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Racist law divides Senators

President George Manneh Weah’s recent proposal that property ownership rights should be given to people of other races has created serious worry among Senators on Capitol Hill.


Following Mr. Weah’s delivery of the State of the Nation in which the proposal was contained on Monday, 29 January, the chambers of the Liberian Senate came under tense argument between senators on Tuesday, 30 January, with the lawmakers seen divided on whether or not is safe to grant property ownership rights to all races here.

Some Senators agreed with the president but others strongly have opposing views that the decision could deny Liberians the opportunity to own land here in the near future.

Grand Kru County Senator Dr. Peter Coleman argues that the decision is timely and it could help to safe lives especially children who died before their fifth birthday in the leeward counties.

“What sense it makes to own land for century and you cannot develop it. Children under five years died before celebrating their fifth birthday all because the land is available but there is no development, especially health facilitates,” he says.

Dr. Coleman, who hails from the same county as President Weah, adds that Liberia should grow from the stage of denying people who can afford to bring development in the country the right to own property in the name of protecting land for generation unborn.
But he was angrily debunked by Bomi County Senator Cllr. Morris Saytumah who says the decision is wrong and unfriendly to Liberians, especially the young ones who are striving to bring changes and progress to the land.

He states that there are countries globally that do not give land rights to other nationals, and yet those countries are developed and well structured.

“This is not in the interest of our country. There are countries around the world that develop without giving rights to other nationals. This will be resisted and kicked out by the Liberian people when it appears for national referendum,” he says.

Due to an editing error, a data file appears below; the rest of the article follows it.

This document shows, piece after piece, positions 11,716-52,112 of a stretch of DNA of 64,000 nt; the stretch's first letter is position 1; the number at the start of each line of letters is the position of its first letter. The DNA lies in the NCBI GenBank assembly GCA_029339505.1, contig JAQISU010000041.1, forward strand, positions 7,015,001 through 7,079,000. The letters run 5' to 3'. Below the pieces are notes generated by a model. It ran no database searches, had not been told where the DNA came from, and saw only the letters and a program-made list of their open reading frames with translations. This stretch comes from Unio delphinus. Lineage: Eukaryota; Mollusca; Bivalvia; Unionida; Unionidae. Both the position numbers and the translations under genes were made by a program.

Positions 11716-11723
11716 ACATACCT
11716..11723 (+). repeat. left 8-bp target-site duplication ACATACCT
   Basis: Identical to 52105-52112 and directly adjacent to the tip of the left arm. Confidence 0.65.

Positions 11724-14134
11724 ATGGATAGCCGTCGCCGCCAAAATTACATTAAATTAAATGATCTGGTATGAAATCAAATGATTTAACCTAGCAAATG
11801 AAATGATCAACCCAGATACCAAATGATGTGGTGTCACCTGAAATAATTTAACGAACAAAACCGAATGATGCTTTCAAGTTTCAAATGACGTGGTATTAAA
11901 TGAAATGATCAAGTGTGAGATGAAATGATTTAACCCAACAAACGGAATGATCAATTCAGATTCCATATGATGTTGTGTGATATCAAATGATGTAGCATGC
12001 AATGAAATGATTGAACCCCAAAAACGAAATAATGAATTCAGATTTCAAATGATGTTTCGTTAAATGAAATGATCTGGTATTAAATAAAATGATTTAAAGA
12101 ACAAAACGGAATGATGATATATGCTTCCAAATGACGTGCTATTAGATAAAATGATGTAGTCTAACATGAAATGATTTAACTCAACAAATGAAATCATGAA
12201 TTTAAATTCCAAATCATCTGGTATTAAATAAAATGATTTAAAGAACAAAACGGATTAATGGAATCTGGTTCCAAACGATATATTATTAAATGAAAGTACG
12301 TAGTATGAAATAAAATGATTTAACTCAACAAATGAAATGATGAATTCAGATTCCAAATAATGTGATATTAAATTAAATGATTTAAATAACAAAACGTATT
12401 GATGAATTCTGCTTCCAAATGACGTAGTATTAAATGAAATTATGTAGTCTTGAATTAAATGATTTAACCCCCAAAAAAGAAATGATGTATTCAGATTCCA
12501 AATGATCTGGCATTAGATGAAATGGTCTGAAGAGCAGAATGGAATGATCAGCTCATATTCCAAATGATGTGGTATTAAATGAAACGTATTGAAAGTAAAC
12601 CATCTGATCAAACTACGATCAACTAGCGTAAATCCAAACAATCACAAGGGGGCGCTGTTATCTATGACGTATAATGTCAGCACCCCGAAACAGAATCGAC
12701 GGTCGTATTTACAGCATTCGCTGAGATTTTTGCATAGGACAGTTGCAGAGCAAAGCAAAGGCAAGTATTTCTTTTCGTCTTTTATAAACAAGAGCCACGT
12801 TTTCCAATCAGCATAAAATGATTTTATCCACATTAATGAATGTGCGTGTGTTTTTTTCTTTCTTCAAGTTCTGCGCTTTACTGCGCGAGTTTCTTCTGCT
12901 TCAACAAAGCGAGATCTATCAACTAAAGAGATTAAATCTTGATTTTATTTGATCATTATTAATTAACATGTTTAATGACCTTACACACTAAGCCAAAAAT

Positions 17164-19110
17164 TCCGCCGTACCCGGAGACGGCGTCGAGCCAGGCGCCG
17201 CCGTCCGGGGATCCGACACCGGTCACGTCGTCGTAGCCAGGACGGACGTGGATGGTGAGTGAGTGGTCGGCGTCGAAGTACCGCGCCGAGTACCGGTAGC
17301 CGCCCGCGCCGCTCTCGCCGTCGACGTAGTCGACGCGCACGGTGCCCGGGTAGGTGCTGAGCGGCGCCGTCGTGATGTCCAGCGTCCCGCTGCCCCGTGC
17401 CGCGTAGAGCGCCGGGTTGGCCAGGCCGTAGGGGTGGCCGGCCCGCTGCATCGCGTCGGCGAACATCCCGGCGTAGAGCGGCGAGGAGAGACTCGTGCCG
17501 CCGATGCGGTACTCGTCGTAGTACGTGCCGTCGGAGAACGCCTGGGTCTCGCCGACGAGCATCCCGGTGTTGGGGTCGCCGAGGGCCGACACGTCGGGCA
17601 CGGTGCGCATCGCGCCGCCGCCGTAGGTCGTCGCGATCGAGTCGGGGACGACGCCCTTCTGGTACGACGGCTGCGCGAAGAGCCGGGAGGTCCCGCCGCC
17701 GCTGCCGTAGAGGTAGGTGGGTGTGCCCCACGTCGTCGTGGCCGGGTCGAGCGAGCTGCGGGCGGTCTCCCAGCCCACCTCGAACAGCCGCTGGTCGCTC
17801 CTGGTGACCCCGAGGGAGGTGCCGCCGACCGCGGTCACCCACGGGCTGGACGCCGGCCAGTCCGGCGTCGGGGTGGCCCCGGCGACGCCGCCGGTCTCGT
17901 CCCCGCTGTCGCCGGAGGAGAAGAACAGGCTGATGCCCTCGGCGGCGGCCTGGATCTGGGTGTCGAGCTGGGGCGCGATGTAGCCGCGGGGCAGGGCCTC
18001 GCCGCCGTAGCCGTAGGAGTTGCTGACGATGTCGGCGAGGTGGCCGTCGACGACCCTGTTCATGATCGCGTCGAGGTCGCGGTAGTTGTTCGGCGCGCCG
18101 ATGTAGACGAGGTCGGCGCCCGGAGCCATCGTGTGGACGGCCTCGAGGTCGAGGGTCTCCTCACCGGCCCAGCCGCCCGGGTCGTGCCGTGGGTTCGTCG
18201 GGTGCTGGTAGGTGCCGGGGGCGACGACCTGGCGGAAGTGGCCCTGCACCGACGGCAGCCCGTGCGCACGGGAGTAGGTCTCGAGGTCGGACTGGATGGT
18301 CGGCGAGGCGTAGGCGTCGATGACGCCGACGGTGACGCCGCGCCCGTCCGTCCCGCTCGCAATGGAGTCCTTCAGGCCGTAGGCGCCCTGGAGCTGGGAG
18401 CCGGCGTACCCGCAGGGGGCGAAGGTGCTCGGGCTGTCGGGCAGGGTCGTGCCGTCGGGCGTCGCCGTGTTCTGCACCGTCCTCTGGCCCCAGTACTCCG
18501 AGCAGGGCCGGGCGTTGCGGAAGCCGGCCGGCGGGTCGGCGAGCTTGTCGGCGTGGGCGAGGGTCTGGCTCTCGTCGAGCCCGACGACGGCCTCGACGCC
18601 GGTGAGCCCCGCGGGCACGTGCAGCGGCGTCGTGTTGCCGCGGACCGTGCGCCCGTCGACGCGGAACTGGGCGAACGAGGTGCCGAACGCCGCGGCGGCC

But Sen. Matthew Jay of River Gee County supports Sen. Coleman’s argument, claiming that the country must develop at all cost and one of the ways possible is to allow people who can afford to participate in the land’s ownership arrangement.

Grand Bassa County Senator Jonathan Kaipee disagrees with the proposition, saying there are many ways Liberia can be developed and not only by giving out the ancestors’ land to aliens and none Liberians.

The argument among lawmakers on Capitol Hill comes after President Weah’s first Annual Message in which he noted since the founding of Liberia in 1847, more than 170 years ago, there have been certain restrictions on citizenship and property ownership that in his view have become serious impediments to the development and progress of this country.

Mr. Weah says these restrictions include the limitation of citizenship only to black people, the limitation of property ownership exclusively to citizens, and the non-allowance of dual citizenship.

“In fact, we have everything to gain. If we look in our region amongst the other member states of ECOWAS, especially our neighbors in La Cote d’Ivoire and Ghana, it will soon be observed that permitting people of other races to become citizens has not marginalized their indigenes,” he said on Monday.

By E. J. Nathaniel Daygbor–Edited by Winston W. Parley

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